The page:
In this case, two groups are claiming control of the Board of OTF. In its lawsuit, OAG argues:
- The USAGM CEO does not have authority over OTF’s Board or officers: OTF is an independent D.C. nonprofit corporation, which governs itself under local law and under its own bylaws. While USAGM provides grant funding for OTF’s work, it does not have authority over OTF’s governance. OAG asserts that OTF’s bylaws are clear and that only the organization’s Board of Directors—not USAGM, its leadership, or any other body—has the authority to appoint or remove OTF directors.
- Dueling Boards have paralyzed OTF: Two Boards are currently claiming authority over OTF, and without clarity as to which Board is properly in place, the organization is effectively leaderless. It is also unable to authorize decisions necessary for carrying out its functions, including decisions to authorize funding partner organizations have already been promised, and decisions related to potential new partnership. The leadership crisis has also left employees of the organization at risk of losing their jobs.
- The original Board of Directors is the valid Board: OAG asserts that because Pack did not have authority under either District law or OTF’s bylaws to dismiss OTF’s Board of Directors, the Court should recognize OTF’s original Board as valid.
- Any actions taken on behalf of OTF by Michael Pack or his replacement Board should be voided: Michael Pack did not have authority as USAGM CEO to dismiss or appoint Directors on behalf of OTF. As a result, any actions Pack or the replacement Board have taken on behalf of OTF should be invalidated.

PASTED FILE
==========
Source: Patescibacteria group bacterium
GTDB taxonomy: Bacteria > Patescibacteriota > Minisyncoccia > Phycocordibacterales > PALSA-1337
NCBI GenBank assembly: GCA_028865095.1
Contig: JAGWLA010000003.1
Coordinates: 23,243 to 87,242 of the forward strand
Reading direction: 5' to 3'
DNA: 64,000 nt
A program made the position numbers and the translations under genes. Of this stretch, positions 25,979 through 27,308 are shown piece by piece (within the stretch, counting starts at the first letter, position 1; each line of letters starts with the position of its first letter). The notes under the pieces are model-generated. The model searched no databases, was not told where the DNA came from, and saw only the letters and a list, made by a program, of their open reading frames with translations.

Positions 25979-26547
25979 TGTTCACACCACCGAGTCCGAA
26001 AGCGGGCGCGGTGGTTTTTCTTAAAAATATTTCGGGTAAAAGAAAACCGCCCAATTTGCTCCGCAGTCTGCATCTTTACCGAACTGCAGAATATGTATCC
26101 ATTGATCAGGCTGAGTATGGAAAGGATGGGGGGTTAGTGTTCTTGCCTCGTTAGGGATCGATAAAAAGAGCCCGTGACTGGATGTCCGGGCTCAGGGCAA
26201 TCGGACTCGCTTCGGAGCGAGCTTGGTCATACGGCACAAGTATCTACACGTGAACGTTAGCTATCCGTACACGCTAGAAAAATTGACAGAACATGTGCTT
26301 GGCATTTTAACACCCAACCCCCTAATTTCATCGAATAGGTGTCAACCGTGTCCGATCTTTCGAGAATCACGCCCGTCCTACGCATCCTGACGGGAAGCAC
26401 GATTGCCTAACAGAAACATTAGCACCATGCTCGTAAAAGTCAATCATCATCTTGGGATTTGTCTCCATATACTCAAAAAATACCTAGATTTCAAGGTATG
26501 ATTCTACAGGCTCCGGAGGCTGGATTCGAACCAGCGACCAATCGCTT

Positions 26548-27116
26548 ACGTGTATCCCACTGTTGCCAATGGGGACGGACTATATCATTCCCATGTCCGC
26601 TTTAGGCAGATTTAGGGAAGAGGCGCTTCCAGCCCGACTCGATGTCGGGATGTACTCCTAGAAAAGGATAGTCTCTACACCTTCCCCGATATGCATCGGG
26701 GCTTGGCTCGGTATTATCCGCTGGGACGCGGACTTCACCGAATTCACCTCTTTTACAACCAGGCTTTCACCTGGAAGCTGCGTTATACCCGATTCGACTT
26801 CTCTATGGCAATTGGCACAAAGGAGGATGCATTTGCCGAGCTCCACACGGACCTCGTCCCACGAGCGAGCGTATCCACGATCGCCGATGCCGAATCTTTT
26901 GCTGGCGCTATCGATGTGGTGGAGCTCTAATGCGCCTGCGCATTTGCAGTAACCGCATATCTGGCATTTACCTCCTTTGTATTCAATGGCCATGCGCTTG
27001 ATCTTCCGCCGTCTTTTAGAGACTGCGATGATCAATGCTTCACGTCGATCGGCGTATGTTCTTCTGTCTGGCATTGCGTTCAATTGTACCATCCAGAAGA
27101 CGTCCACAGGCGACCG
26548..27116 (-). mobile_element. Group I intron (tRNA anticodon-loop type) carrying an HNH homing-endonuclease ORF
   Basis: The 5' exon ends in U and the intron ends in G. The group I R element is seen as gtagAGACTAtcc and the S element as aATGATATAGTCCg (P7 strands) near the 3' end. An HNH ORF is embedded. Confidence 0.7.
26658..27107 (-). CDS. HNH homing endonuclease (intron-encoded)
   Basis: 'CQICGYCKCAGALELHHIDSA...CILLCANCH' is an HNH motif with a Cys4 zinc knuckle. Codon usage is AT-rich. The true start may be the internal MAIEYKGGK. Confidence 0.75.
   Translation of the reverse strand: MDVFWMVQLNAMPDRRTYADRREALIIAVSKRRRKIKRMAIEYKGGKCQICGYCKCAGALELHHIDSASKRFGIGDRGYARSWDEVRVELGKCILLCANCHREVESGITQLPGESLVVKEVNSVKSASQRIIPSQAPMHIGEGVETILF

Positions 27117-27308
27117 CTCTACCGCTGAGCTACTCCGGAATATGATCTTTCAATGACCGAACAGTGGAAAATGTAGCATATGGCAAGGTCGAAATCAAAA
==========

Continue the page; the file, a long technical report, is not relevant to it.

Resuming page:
A copy of the complaint is available at: https://oag.dc.gov/sites/default/files/2020-07/Open-Technology-Fund-Complaint.pdf
OAG is asking the court to issue an order declaring that the removal of OTF’s Board by USAGM CEO Michael Pack was unauthorized, that the original Board is the valid operating Board, and that any actions taken on behalf of OTF by Michael Pack or his replacement Board of Directors are invalid.
OAG’s Nonprofit Enforcement Work
Under AG Racine’s leadership, OAG has invested resources to expand its nonprofit enforcement capacity. Already, OAG has litigated and resolved actions against several District charter schools, and the president of a nonprofit that owned an affordable housing building, for mismanagement of nonprofit funds. The office has also sued the 58th Presidential Inaugural Committee for misusing funds for private enrichment, and took action against Howard Theatre Restoration, Inc. for failing to properly obtain financial audits. Several additional investigations remain open.
If you suspect that a nonprofit doing business in the District of Columbia is violating District law, please contact OAG at (202) 727-3400.